"Permit me then to offer you my sincere congratulations on your drawing so near to the period when your public life is to be terminated…As you will have become a private Citizen before this shall be put into your hand, I may now venture to ask your acceptance of a pair of Shoe & Knee Buckles, made expressly for you of oriental Topases [sic]…As, I think, they are neither mean or gaudy, or too vulgar or too expensive, I hope you will wear them very often for my sake…" - David Humphreys to George Washington, Lisbon, Portugal, April 5, 1797
In the 18th century, shoe and knee (or breeches) buckles indicated a gentleman's taste and social position. George Washington owned a variety of buckles during his lifetime, including "Filligree Metal gilt Buckles" and "Oval Stone knee Buckles," adorned with either pastes (glass stones) or real gems. From his post in Portugal where he was serving as U.S. Minister, Washington's close friend David Humphreys (1752-1818) sent Washington this most extravagant set as a retirement gift. The gold foil backing the colorless topazes gives the stones their luminous, yellow color. These buckles' costliness is evident from Washington's estate inventory, which values them at $250, as compared to "1 p.r Shoe & knee buckles Silver" at $5.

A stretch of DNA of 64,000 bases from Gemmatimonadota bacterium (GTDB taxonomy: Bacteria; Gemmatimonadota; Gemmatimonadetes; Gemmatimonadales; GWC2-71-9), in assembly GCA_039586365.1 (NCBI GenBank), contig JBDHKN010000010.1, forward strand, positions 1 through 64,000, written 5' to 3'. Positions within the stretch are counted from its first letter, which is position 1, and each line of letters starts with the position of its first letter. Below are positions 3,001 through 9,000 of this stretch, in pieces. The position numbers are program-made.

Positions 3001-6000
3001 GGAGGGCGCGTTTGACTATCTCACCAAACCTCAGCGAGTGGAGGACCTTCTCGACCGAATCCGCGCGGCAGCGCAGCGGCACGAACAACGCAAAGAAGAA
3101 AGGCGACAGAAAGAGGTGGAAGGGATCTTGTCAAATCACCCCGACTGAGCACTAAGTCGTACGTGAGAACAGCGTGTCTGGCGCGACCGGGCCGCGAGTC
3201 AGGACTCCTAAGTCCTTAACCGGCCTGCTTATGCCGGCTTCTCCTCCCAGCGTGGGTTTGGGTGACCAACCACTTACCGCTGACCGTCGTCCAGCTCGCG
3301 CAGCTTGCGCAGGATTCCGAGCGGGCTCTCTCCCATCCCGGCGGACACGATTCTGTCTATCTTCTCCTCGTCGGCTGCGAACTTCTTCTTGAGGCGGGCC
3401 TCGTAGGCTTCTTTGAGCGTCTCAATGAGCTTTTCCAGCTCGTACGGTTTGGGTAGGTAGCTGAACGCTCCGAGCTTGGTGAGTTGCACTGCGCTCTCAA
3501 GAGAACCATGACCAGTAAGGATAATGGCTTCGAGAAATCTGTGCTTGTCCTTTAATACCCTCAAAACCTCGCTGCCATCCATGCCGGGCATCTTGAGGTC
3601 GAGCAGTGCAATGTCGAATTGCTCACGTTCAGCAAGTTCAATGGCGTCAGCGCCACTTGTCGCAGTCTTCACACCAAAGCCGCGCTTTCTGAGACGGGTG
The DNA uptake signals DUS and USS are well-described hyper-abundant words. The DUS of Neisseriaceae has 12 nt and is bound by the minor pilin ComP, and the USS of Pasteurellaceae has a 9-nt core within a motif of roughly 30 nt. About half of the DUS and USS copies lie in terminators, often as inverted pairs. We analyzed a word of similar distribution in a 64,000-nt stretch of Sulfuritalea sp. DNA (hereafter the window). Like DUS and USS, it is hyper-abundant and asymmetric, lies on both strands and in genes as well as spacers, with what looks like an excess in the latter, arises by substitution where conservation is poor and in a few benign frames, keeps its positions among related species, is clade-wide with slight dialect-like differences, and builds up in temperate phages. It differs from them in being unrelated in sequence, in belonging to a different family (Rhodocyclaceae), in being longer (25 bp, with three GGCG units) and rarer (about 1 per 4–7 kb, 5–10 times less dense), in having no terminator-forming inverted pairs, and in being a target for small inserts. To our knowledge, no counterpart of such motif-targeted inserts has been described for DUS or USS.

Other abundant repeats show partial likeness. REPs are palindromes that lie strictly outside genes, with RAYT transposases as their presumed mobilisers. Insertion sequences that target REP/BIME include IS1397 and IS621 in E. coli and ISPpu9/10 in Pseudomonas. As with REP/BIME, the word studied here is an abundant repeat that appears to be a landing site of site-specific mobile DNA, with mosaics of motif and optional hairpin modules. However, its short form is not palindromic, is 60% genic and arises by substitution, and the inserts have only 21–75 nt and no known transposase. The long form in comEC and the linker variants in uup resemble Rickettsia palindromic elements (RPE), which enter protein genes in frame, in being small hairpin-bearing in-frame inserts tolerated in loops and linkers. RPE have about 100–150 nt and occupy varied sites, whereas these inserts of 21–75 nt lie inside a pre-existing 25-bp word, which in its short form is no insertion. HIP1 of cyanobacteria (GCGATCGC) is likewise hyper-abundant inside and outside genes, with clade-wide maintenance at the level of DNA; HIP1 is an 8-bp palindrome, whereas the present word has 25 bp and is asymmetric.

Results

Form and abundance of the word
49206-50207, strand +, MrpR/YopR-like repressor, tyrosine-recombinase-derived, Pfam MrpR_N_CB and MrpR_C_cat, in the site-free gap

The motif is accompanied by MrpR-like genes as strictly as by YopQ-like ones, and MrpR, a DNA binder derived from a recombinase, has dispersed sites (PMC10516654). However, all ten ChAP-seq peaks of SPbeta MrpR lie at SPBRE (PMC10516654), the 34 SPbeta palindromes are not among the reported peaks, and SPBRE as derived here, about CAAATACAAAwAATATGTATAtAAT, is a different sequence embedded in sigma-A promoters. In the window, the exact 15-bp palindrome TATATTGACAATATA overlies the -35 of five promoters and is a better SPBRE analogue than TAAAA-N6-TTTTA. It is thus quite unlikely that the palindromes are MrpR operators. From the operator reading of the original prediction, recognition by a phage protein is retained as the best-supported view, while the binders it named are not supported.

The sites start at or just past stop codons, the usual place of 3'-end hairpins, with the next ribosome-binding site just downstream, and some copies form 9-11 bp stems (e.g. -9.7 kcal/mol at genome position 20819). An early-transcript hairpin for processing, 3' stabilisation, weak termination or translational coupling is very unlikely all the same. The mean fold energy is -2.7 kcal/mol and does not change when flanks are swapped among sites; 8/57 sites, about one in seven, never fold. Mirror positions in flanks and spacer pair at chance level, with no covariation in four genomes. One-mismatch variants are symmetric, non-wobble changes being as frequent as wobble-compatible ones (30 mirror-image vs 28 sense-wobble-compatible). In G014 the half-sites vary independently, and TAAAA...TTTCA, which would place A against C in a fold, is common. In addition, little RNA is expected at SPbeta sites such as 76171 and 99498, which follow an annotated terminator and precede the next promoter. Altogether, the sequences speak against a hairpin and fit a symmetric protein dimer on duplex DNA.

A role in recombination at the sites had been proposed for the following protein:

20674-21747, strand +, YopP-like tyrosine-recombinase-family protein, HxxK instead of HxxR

Small oval knee buckle with twenty-two, brilliant-cut, colorless topazes set in closed, gilded silver mounts with gold foil backings. Steel chapes, bright on front surfaces and blued on rear surfaces.
Colorless topaz, gilded silver, gold foil, steel
Overall (H x W x D): 5/16 in. x 1 5/8 in. x 1 5/16 in. (0.79 cm x 4.13 cm x 3.33 cm)
Bequest of Mrs. M. L. Shaffer and Charles C. Krumbhaar, Jr., 1955
Conservation courtesy of the Life Guard Society of Historic Mount Vernon
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